FDA is expected to propose its new definition for “healthy” labeling any day now. Is you company ready?
What effect the new U.S. Food and Drug Administration (FDA)’s labeling regulations and the U.S. Department of Agriculture (USDA)’d disclosure rules will have on the food industry.
Understanding the nature of class action lawsuits and evaluating your company’s products, are essential to reducing the risk of litigation.
As concerns about impurities in food contact materials have increased, existing regulatory requirements that impact such impurities are discussed.
Here’s how food companies can use the National Advertising Division of the Council of Better Business Bureaus to resolve disputes involving their advertising and labeling.
This article provides relevant information related to the safety of food contact substances present in food packaging, including plastics, glass, and metal containers.
It’s not enough to provide a reasonably priced, high-quality product; the company’s commitment to social responsibility is also under the microscope.
New advances in inspecting, detecting, and checkweighing machinery are helping processors identify multiple irregularities in their food products with greater precision and speed than ever before.
The European Union (and others—including policy makers, companies, and organizations—have recently announced goals to reduce or eliminate the amount of plastic packaging sent to landfills.
Since food contamination occurs mostly at the surface of food, food packaging plays an important role in preventing the growth of spoilage and pathogenic microorganisms.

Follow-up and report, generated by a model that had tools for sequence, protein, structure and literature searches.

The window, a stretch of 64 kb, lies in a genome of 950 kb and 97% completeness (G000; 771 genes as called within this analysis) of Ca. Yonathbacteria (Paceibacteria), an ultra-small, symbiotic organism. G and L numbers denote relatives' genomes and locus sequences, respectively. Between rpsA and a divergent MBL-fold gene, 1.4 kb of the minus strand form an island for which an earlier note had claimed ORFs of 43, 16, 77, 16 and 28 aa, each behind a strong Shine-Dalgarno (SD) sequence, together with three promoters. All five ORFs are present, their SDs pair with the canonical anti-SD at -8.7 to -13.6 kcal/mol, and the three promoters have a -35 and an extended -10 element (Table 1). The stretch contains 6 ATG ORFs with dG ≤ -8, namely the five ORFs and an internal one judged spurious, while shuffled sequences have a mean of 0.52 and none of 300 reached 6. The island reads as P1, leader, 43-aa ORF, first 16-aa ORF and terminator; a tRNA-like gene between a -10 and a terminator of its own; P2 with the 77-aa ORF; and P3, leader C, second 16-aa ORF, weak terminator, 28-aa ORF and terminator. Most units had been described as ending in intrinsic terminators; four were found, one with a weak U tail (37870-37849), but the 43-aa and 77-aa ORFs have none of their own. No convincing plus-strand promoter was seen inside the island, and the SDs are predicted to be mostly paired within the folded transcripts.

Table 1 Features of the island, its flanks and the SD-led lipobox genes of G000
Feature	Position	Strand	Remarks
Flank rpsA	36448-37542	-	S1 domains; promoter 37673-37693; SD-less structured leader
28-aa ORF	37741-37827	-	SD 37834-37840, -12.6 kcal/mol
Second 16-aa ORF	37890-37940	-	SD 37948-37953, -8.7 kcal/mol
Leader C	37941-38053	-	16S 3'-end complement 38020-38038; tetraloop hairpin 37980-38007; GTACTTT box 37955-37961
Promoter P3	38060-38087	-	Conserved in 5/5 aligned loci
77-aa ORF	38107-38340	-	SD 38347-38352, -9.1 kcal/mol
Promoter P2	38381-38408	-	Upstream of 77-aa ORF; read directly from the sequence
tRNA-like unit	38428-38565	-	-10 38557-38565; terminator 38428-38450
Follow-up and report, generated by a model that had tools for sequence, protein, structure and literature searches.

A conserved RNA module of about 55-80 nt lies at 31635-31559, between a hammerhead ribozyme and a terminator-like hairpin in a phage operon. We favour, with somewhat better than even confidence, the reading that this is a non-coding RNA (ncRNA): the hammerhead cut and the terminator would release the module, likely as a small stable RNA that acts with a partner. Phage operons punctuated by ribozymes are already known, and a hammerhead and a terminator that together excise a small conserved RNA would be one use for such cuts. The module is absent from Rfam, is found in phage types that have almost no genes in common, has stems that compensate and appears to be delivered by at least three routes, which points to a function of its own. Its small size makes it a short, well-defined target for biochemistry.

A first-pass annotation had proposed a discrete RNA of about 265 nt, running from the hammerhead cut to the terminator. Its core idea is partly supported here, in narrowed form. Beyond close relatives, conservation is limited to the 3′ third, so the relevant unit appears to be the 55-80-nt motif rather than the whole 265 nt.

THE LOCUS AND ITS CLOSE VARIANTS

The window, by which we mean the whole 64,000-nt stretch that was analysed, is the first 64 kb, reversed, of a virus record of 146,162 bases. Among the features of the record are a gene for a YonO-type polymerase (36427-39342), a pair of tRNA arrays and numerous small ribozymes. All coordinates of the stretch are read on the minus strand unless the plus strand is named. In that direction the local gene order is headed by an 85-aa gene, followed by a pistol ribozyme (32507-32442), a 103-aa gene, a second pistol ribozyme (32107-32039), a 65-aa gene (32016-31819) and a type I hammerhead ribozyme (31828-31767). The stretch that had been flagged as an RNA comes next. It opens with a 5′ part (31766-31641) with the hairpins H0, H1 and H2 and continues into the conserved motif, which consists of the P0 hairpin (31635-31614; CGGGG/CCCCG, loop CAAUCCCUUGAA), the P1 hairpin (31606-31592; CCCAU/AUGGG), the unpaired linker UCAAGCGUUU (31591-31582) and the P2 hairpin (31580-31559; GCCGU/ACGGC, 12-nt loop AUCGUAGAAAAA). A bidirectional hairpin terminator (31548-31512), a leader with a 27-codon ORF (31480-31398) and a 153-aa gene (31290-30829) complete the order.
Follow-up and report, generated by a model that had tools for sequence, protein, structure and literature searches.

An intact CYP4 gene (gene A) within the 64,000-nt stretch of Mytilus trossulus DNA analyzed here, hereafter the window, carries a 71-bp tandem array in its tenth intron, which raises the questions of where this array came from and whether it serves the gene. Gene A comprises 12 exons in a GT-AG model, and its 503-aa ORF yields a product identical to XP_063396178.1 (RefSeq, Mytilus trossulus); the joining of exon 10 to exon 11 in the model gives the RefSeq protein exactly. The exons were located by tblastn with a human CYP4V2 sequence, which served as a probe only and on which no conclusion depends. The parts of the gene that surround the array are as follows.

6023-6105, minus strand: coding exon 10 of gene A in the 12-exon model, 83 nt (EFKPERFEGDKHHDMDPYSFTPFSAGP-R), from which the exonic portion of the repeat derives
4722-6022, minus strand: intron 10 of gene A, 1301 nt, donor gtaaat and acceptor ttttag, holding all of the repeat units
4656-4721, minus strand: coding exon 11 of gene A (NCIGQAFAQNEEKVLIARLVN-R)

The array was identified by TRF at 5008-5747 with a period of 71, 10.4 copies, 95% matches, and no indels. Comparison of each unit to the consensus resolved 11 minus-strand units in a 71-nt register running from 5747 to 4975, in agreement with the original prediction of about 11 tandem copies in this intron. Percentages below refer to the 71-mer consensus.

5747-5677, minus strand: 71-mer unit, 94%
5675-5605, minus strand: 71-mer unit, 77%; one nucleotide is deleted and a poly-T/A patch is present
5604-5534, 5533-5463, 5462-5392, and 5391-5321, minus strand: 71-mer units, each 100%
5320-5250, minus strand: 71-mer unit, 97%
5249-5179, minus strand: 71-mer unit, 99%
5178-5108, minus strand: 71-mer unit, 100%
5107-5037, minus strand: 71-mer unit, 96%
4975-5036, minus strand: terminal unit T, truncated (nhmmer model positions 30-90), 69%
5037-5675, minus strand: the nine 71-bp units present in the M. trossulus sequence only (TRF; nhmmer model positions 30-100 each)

The regulations of food contact packaging materials, or, as the U.S. Food and Drug Administration refers to them, “indirect food additives” are explored in detail. What do you need to know?
The most critical Good Manufacturing Practice requirement for packaging materials is that they be suitably pure for their intended use.
Food companies must look for solutions that allow the package to do what it needs to do: protect the product.
Does packaging pose a risk, and how should it be addressed in your food safety management system?
Interpreting voluntary advisory statements on products containing a gluten-free certification is a frequent and understandable source of confusion for both consumers and retailers.
It’s time for the U.S. Food and Drug Administration to reassess some additive clearances based on updated data.
What your company puts on the food label has many implications, from consumer choice to regulatory compliance. Learn how you may be affected by labeling trends.
There is a real need for risk-based preventive controls to pinpoint food safety issues along the food supply chain.
Although no one disputes FDA’s interpretation of the National Environmental Policy Act, an environmental issue has only once prevented a clearance for a food packaging material from proceeding.
What does the term “gluten-free” actually mean to processors? To consumers?